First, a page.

CHAPTER XIII - A JAUNT TO THE LOOKING-GLASS PRAIRIE AND BACK
< BackForward >
I MAY premise that the word Prairie is variously pronounced
PARAAER, PAREARER, PAROARER. The latter mode of pronunciation is
perhaps the most in favour.
We were fourteen in all, and all young men: indeed it is a
singular though very natural feature in the society of these
distant settlements, that it is mainly composed of adventurous
persons in the prime of life, and has very few grey heads among it.
There were no ladies: the trip being a fatiguing one: and we were
to start at five o'clock in the morning punctually.
I was called at four, that I might be certain of keeping nobody
waiting; and having got some bread and milk for breakfast, threw up
the window and looked down into the street, expecting to see the
whole party busily astir, and great preparations going on below.
But as everything was very quiet, and the street presented that
hopeless aspect with which five o'clock in the morning is familiar
elsewhere, I deemed it as well to go to bed again, and went
I woke again at seven o'clock, and by that time the party had
assembled, and were gathered round, one light carriage, with a very
stout axletree; one something on wheels like an amateur carrier's
cart; one double phaeton of great antiquity and unearthly
construction; one gig with a great hole in its back and a broken
head; and one rider on horseback who was to go on before. I got
into the first coach with three companions; the rest bestowed
themselves in the other vehicles; two large baskets were made fast
to the lightest; two large stone jars in wicker cases, technically
known as demi-johns, were consigned to the 'least rowdy' of the
party for safe-keeping; and the procession moved off to the
ferryboat, in which it was to cross the river bodily, men, horses,
carriages, and all, as the manner in these parts is.
We got over the river in due course, and mustered again before a
little wooden box on wheels, hove down all aslant in a morass, with
'MERCHANT TAILOR' painted in very large letters over the door.
Having settled the order of proceeding, and the road to be taken,
we started off once more and began to make our way through an ill-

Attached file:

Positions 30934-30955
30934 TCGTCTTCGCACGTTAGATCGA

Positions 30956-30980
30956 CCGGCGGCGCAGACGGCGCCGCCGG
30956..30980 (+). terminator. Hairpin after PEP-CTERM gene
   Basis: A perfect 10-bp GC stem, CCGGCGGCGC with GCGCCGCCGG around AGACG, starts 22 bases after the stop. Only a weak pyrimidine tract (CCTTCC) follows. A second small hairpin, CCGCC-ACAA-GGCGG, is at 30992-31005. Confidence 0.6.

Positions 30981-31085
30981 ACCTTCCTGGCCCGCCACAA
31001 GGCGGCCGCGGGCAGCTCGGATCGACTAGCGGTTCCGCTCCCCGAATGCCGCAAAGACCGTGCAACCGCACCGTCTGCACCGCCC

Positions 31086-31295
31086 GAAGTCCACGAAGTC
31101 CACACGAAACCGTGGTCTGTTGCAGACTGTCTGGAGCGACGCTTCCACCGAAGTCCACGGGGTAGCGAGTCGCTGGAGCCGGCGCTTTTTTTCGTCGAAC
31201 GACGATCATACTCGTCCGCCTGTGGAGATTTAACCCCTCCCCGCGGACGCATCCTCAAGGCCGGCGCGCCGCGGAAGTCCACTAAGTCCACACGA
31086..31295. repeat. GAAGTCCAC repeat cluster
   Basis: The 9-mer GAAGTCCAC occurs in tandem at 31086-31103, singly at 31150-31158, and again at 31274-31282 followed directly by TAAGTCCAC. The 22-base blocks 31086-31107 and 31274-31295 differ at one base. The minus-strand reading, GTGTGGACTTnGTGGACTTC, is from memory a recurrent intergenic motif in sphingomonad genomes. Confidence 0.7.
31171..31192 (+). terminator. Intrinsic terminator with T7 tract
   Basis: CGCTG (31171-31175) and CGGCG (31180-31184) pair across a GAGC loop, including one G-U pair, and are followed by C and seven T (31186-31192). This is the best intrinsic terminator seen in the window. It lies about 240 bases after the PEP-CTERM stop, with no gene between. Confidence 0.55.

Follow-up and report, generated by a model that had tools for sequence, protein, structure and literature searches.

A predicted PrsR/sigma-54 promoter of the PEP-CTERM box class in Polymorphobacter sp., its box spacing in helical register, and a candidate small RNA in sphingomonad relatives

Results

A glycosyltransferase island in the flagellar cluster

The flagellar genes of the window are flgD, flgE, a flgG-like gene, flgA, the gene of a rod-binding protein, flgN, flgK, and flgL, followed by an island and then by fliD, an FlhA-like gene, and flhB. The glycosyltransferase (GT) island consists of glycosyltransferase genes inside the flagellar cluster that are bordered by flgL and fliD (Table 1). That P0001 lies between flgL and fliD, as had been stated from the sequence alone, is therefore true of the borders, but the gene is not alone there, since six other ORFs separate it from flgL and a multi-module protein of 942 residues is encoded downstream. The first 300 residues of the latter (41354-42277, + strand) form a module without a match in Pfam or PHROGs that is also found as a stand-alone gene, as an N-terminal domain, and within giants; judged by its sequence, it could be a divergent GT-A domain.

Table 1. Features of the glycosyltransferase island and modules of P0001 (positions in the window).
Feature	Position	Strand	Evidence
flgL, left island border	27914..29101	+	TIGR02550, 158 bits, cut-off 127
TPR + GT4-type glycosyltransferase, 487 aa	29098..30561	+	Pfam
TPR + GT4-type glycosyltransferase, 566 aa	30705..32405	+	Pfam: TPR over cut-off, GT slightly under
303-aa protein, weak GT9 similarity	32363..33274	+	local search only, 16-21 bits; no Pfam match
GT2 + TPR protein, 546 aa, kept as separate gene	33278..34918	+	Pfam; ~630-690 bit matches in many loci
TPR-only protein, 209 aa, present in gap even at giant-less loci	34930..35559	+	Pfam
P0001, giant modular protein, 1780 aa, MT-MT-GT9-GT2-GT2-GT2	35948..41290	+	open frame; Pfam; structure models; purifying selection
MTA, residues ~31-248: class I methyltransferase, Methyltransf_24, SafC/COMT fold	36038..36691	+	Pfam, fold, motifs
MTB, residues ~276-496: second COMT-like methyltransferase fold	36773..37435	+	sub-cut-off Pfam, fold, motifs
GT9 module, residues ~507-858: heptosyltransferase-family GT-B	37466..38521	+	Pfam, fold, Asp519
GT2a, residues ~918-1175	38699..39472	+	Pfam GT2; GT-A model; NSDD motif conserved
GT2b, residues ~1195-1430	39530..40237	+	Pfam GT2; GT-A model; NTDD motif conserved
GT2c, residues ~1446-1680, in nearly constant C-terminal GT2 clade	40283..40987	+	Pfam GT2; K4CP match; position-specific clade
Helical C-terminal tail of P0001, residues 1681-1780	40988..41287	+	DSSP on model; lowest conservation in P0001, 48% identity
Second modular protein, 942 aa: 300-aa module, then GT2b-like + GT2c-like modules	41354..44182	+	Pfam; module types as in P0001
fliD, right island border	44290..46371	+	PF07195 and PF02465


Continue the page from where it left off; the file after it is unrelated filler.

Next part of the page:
favoured Black Hollow, called, less expressively, the American
The previous day had been - not to say hot, for the term is weak
and lukewarm in its power of conveying an idea of the temperature.
The town had been on fire; in a blaze. But at night it had come on
to rain in torrents, and all night long it had rained without
cessation. We had a pair of very strong horses, but travelled at
the rate of little more than a couple of miles an hour, through one
unbroken slough of black mud and water. It had no variety but in
depth. Now it was only half over the wheels, now it hid the
axletree, and now the coach sank down in it almost to the windows.
The air resounded in all directions with the loud chirping of the
frogs, who, with the pigs (a coarse, ugly breed, as unwholesome-
looking as though they were the spontaneous growth of the country),
had the whole scene to themselves. Here and there we passed a log
hut: but the wretched cabins were wide apart and thinly scattered,
for though the soil is very rich in this place, few people can
exist in such a deadly atmosphere. On either side of the track, if
it deserve the name, was the thick 'bush;' and everywhere was
stagnant, slimy, rotten, filthy water.
As it is the custom in these parts to give a horse a gallon or so
of cold water whenever he is in a foam with heat, we halted for
that purpose, at a log inn in the wood, far removed from any other
residence. It consisted of one room, bare-roofed and bare-walled
of course, with a loft above. The ministering priest was a swarthy
young savage, in a shirt of cotton print like bed-furniture, and a
pair of ragged trousers. There were a couple of young boys, too,
nearly naked, lying idle by the well; and they, and he, and THE
traveller at the inn, turned out to look at us.
The traveller was an old man with a grey gristly beard two inches
long, a shaggy moustache of the same hue, and enormous eyebrows;
which almost obscured his lazy, semi-drunken glance, as he stood
regarding us with folded arms: poising himself alternately upon
his toes and heels. On being addressed by one of the party, he
drew nearer, and said, rubbing his chin (which scraped under his
horny hand like fresh gravel beneath a nailed shoe), that he was
from Delaware, and had lately bought a farm 'down there,' pointing